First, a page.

Following its Whitney debut, the show travels to The Phillips Collection, Washington D.C., February 6– May 9, 2010, and to the Georgia O’Keeffe Museum, Santa Fe, May 28 – September 12, 2010.

The Whitney Museum
945 Madison Avenue at 75th St.
New York

Museum hours: Wednesday, Thursday, Saturday, and Sunday from 11 a.m. to 6 p.m., Friday from 1 p.m. to
9 p.m., closed Monday and Tuesday. General admission: $18. Full-time students and visitors ages 19–25 and 62 & over: $12. Visitors 18 & under and Whitney members: FREE. Admission to the Kaufman Astoria Studios Film & Video Gallery only: $6. Admission is pay-what-you-wish on Fridays, 6–9 pm. For information, please call (212) 570-3600 or visit whitney.org

Bookmark and Share

Lia Chang  Photo by Brianne Michelle Photography

Lia Chang Photo by Brianne Michelle Photography

Lia Chang is an actor, performance and fine art botanical photographer, and a multimedia journalist. A former syndicated arts and entertainment columnist for KYODO News, Lia is the New York Bureau Chief for AsianConnections.com. She has been documenting her colleagues and contemporaries in the arts, fashion and journalism since making her stage debut as Liat in the National Tour of South Pacific, with Robert Goulet and Barbara Eden. She is currently working on several botanical portrait commissions for the New York City Health and Hospital Corporation Art Collection and on a book of portraits of her favorite Asian American men in the arts and space.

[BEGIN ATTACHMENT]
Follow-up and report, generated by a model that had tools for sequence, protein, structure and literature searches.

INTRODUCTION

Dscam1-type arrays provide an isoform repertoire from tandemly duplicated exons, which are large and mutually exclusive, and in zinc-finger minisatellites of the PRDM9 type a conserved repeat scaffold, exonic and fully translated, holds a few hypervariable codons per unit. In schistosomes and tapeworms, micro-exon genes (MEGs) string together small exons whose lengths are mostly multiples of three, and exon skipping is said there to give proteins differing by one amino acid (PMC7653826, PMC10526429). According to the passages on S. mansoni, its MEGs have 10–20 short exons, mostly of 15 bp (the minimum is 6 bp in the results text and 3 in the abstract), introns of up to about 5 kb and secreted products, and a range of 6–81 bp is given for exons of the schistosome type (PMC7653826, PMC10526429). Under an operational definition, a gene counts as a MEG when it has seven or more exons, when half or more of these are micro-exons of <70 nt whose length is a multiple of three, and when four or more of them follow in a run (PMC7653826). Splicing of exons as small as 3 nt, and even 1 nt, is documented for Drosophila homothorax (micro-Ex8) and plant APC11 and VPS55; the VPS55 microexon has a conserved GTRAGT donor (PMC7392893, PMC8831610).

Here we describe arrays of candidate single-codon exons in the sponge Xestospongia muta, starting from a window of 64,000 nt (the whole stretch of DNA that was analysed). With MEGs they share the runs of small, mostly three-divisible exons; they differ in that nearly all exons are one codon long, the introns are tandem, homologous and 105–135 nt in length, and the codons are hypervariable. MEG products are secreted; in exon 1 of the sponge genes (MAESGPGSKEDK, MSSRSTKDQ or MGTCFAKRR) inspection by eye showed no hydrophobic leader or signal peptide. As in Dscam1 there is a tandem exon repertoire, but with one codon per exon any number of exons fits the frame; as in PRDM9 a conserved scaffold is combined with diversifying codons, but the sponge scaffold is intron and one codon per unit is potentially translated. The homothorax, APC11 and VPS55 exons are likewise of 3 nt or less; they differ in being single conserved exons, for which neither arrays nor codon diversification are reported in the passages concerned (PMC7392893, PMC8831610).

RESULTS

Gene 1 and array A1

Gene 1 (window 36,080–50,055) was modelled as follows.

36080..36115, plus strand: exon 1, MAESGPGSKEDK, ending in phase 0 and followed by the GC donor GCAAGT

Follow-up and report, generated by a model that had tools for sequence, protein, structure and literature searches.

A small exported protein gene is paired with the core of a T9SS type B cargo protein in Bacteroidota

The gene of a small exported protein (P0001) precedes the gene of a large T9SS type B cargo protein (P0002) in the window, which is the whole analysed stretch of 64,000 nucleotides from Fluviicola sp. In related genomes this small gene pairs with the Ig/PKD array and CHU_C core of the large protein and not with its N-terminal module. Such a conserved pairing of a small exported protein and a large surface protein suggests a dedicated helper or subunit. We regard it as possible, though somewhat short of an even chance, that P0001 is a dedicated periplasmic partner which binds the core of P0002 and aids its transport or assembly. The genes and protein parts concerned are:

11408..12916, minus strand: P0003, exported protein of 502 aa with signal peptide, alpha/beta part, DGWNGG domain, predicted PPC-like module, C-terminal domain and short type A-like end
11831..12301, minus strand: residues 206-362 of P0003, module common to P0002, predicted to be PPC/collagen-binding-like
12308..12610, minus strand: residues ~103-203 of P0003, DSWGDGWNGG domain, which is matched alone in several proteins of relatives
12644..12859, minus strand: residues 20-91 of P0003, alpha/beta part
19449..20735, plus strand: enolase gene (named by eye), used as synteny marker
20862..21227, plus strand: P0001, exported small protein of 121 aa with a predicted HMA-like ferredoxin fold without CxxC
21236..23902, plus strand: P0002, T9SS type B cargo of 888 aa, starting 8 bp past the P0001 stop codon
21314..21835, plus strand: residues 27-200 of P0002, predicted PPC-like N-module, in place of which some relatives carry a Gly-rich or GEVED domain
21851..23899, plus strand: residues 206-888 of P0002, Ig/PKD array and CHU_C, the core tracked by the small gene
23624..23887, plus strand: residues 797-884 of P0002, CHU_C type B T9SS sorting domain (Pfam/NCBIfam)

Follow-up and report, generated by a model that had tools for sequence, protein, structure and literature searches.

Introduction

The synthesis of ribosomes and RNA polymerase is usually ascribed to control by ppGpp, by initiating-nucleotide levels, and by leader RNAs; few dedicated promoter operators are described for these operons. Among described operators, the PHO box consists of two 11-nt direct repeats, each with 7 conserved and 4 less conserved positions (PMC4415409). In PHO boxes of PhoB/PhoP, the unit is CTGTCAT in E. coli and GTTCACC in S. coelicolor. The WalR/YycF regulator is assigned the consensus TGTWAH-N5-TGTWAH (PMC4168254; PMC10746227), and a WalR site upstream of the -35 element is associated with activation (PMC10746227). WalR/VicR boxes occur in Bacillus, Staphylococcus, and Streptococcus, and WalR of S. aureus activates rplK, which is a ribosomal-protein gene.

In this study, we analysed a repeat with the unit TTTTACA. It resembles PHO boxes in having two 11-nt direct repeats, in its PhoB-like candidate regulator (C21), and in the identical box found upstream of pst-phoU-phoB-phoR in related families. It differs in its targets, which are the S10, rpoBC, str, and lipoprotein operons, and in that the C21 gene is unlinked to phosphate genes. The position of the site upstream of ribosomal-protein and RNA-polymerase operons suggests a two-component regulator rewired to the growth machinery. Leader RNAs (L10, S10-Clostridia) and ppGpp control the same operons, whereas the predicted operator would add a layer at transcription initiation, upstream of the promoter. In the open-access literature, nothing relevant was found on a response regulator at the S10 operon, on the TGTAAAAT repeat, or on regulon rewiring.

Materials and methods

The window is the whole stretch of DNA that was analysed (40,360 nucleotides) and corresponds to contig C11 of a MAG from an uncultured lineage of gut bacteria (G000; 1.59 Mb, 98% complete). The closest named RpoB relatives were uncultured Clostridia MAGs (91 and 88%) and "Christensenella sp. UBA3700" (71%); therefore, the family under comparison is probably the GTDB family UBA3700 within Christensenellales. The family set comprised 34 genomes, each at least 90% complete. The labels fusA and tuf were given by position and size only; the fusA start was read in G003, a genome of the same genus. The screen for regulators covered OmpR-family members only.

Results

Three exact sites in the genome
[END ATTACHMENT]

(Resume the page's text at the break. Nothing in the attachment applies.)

Related Articles:
Monet’s Water Lilies on view at MoMA through April 12, 2010
Nicholas Galanin is among nine Native Artists featured in “Dry Ice” Exhibit in Princeton
Botanical Beauties for the LIU/King’s County Hospital Center Nursing School
Alaskan and National Acts to Share Stage at Sitka’s Homeskillet Fest, July 15-18
RED Opening Reception at Gouverneur Healthcare Services
In Conversation with Nicholas Galanin
Nicholas Galanin is featured in Identity Exhibition at Alaska House in New York

Leave a Reply

Fill in your details below or click an icon to log in:

WordPress.com Logo

You are commenting using your WordPress.com account. Log Out /  Change )

Google photo

You are commenting using your Google account. Log Out /  Change )

Twitter picture

You are commenting using your Twitter account. Log Out /  Change )

Facebook photo

You are commenting using your Facebook account. Log Out /  Change )

Connecting to %s

Follow Backstage Pass with Lia Chang on WordPress.com